Bil’s rating (out of 5): BB.5. USA, 2006. Edward R. Pressman Film, River Road Entertainment, Iron Films, Vox3 Films, Furthefilm LLC. Screenplay by Erin Cressida Wilson, based on the book Diane Arbus by Patricia Bosworth. Cinematography by Bill Pope. Produced by Laura Bickford, Andrew Fierberg, Bill Pohlad, Bonnie Timmermann. Music by Carter Burwell. Production Design by Amy Danger. Costume Design by Mark Bridges. Film Editing by Kristina Boden, Keiko Deguchi.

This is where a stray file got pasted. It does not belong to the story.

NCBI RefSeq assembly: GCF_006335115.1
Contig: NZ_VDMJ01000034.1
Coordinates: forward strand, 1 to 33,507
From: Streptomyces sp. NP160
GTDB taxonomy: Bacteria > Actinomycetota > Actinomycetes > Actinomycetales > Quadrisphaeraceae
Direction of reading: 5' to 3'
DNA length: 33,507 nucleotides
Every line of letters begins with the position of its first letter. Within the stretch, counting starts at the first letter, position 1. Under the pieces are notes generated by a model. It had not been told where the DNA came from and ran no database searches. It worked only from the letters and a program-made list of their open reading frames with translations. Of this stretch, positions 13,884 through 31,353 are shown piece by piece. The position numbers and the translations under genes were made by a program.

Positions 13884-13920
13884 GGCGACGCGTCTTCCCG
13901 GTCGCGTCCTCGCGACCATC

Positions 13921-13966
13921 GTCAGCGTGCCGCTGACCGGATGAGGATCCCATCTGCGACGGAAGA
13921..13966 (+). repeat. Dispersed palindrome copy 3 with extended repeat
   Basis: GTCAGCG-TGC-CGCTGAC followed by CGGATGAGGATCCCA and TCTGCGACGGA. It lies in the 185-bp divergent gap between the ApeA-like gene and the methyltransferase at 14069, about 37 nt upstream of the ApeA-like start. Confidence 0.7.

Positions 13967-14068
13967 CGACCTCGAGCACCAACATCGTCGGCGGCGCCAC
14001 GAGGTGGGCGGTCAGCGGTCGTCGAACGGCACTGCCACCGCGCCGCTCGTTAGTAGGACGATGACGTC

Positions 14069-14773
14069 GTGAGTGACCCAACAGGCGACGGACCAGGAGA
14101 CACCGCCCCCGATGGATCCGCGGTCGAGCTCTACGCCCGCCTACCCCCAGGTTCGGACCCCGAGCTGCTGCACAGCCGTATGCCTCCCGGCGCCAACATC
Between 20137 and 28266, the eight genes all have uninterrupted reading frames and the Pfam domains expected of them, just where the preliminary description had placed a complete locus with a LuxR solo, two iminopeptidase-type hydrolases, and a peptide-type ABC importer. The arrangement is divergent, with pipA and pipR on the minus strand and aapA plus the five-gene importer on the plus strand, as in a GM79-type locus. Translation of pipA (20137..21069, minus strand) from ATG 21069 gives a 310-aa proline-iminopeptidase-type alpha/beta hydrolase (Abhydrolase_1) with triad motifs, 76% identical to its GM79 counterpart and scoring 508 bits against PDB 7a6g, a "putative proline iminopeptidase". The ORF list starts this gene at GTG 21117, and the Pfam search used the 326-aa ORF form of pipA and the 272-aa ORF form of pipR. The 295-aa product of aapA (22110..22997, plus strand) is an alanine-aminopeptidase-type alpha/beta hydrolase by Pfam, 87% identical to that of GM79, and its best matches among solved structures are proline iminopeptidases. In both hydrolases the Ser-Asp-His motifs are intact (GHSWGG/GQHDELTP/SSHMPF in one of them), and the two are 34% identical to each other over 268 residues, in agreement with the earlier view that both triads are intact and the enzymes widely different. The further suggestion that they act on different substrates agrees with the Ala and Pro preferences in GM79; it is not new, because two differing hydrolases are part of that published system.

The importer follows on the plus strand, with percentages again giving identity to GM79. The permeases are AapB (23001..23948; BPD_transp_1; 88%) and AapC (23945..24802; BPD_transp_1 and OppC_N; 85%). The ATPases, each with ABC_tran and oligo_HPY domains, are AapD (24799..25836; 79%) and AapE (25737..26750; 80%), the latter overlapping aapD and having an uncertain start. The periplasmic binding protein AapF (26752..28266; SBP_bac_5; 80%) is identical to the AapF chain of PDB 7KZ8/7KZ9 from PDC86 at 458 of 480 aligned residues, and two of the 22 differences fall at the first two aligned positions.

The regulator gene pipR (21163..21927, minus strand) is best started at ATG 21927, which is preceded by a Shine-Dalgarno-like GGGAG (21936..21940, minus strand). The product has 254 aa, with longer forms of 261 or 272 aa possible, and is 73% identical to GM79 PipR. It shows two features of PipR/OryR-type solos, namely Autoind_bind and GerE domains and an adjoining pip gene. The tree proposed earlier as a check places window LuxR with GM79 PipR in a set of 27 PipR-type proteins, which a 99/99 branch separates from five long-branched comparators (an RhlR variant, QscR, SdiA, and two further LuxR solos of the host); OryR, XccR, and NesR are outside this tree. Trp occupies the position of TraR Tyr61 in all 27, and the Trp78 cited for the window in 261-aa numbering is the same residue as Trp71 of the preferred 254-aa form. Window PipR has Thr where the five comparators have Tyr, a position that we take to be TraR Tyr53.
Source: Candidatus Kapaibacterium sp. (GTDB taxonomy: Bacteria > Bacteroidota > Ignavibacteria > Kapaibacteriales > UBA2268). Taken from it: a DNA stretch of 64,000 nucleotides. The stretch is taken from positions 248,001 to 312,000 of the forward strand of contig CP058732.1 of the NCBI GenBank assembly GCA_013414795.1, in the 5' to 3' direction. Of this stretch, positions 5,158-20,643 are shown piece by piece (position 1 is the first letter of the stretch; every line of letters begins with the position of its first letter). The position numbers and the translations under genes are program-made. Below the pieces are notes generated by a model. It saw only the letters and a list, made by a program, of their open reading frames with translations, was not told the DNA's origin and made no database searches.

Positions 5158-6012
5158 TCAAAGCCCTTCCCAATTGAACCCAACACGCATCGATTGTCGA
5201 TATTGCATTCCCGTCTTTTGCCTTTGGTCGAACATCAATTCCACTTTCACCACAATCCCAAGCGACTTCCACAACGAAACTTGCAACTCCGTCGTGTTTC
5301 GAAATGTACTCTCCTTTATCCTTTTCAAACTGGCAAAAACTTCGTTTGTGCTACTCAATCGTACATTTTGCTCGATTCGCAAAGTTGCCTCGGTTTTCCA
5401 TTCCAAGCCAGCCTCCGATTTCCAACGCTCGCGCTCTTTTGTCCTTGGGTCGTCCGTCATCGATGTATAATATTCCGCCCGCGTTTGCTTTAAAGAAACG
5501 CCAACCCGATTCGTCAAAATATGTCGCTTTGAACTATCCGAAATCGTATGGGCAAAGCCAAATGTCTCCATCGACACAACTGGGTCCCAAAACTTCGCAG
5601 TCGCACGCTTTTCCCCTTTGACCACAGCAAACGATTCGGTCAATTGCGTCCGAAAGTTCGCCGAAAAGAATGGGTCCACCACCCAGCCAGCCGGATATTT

Steven Shainberg follows up his breakout success Secretary with another film that promises to bring life on the margins to the forefront but is not nearly as boundary-busting as it thinks it is. It’s a fictional story set amid a real one, at the point of famed photographer Diane Arbus’s early married life when she was still working as assistant in the studio of her husband (Ty Burrell) and raising their two daughters before she (played by Nicole Kidman) became a productive artist. Robert Downey Jr. plays a reclusive man with lifelong hypertrichosis, a condition of massive hair growth everywhere on the body, that once had him working in a circus freak show as a child but now makes him a complete recluse. When he moves into the apartment above Arbus, she begins to visit him, discovers a kinship that becomes passion and, we are told, is inspired towards the career that would follow, photographing rare and curious individuals from the world he introduces her to. The film has everything going for it, including two powerhouse actors in the leads, a superb visual style, a wonderful sense of the period and a terrific narrative, so why does it go wrong? A sluggish pace, perhaps, but most likely it’s the lack of dramatic power in pretty much every scene. Shainberg is so convinced of his own kinky rebellion he has no idea how safe and vanilla he is; the most conflict you get between characters is the disintegration of the subject’s marriage with her husband, while her interactions with Downey Jr. are limp and reveal no sparks between them.